The action plan to make Macon-Bibb County more age-friendly, in the works for a year, is finished.
Produced by a 28-member volunteer group, the plan will be submitted to AARP and the World Health Organization as an essential step in maintaining the Age-Friendly Community designation those bodies bestowed on Macon-Bibb in August 2012. Macon-Bibb was the first area in the United States to be given that title.
To keep it, however, the community has to work to improve senior-citizen access to eight domains -- outdoor spaces and buildings, transportation, housing, social participation, respect and social inclusion, civic participation and employment, communication and information, and community and health services.
The action plan was presented at a meeting of the volunteer group Tuesday at the Middle Georgia Regional Commission office.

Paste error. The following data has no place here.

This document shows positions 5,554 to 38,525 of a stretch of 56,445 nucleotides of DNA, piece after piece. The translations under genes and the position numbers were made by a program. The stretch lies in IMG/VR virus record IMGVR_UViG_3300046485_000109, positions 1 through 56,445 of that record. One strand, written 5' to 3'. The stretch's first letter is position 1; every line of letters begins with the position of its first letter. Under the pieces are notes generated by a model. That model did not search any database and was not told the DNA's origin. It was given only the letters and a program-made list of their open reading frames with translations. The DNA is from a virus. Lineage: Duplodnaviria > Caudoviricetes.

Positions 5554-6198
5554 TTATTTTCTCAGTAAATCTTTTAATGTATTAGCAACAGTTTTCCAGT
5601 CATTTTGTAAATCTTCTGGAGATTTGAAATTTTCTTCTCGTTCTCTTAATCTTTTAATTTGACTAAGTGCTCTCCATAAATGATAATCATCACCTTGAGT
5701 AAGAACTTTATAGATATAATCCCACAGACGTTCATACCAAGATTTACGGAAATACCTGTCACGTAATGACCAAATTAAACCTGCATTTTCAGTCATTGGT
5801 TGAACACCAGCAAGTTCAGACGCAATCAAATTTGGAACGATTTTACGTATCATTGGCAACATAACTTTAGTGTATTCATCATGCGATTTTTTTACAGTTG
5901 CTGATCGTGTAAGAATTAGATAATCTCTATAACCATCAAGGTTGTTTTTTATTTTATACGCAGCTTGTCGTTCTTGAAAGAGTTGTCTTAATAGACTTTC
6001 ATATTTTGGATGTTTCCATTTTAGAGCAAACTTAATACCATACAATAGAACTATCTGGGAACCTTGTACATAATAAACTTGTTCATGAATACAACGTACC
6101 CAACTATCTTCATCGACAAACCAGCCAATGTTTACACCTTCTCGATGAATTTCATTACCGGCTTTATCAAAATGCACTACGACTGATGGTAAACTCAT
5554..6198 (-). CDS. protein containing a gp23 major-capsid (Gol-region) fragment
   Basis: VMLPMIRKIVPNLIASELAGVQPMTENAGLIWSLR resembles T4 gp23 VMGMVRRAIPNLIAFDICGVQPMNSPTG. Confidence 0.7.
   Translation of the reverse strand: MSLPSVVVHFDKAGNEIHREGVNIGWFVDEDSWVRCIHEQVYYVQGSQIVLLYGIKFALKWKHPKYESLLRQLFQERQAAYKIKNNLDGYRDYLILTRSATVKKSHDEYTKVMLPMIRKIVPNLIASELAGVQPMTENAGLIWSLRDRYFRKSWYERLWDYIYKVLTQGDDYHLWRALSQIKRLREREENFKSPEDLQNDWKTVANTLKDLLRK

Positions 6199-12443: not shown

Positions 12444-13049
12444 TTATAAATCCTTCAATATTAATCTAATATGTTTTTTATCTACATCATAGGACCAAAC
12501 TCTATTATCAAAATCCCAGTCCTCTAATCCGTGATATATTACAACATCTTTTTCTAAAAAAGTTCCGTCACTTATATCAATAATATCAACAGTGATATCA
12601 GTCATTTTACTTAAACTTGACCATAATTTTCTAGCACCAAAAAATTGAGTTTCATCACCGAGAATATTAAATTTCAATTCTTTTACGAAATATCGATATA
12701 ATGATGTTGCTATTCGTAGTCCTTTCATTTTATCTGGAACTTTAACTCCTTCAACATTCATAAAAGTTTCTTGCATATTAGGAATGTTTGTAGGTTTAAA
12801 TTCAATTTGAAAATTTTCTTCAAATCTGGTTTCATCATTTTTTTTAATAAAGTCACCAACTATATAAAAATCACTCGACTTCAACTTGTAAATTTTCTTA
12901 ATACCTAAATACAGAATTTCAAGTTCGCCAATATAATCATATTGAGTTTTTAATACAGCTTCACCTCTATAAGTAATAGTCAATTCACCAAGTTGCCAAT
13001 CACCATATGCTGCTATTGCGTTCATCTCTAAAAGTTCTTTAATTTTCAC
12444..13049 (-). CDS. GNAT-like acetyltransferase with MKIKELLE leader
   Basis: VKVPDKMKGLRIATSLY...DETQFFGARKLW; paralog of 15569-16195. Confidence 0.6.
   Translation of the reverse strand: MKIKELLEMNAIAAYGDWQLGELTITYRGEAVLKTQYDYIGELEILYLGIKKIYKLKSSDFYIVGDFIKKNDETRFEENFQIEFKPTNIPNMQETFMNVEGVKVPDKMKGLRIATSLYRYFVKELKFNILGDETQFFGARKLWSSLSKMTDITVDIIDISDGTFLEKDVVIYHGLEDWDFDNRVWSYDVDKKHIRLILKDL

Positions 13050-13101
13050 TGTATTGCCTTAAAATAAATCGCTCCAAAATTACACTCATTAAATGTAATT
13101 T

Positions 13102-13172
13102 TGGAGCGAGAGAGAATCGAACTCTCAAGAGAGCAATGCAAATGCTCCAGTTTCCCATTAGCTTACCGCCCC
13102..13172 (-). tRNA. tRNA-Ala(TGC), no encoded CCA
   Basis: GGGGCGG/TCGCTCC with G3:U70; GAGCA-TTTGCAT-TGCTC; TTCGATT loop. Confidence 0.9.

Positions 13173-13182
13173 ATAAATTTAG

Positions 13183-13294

Karen Cooper, AARP associate state director for outreach in Georgia, said Tuesdays meeting was meant to not only celebrate work on the plan but also to encourage further efforts in making the recommendations a reality. Bibb County Commission Chairman Sam Hart and Macon Mayor Robert Reichert -- mayor-elect of the Macon-Bibb consolidated government -- have been supporters of the age-friendly initiative from the start, Cooper said. That backing is expected to continue under the new government that takes over in January, she said.
The plan summarizes current conditions, opportunities for improvement, current age-friendly projects and recommendations for future action in each domain.
For example, recommendations for the outdoor spaces and buildings domain are: get more media coverage of safety improvements, plan more senior and family activities in parks, find out best practices from other successful parks, make sure local parks have age-friendly features, and put regular community athletic activities in the Parks & Recreation Department newsletter.
Sam Henderson, executive assistant to the mayor, told the assembled group that he hopes their plan will influence all sorts of community planning.
It sounds like an ending, but this is really the beginning, he said.
To contact writer Jim Gaines, call 744-4489.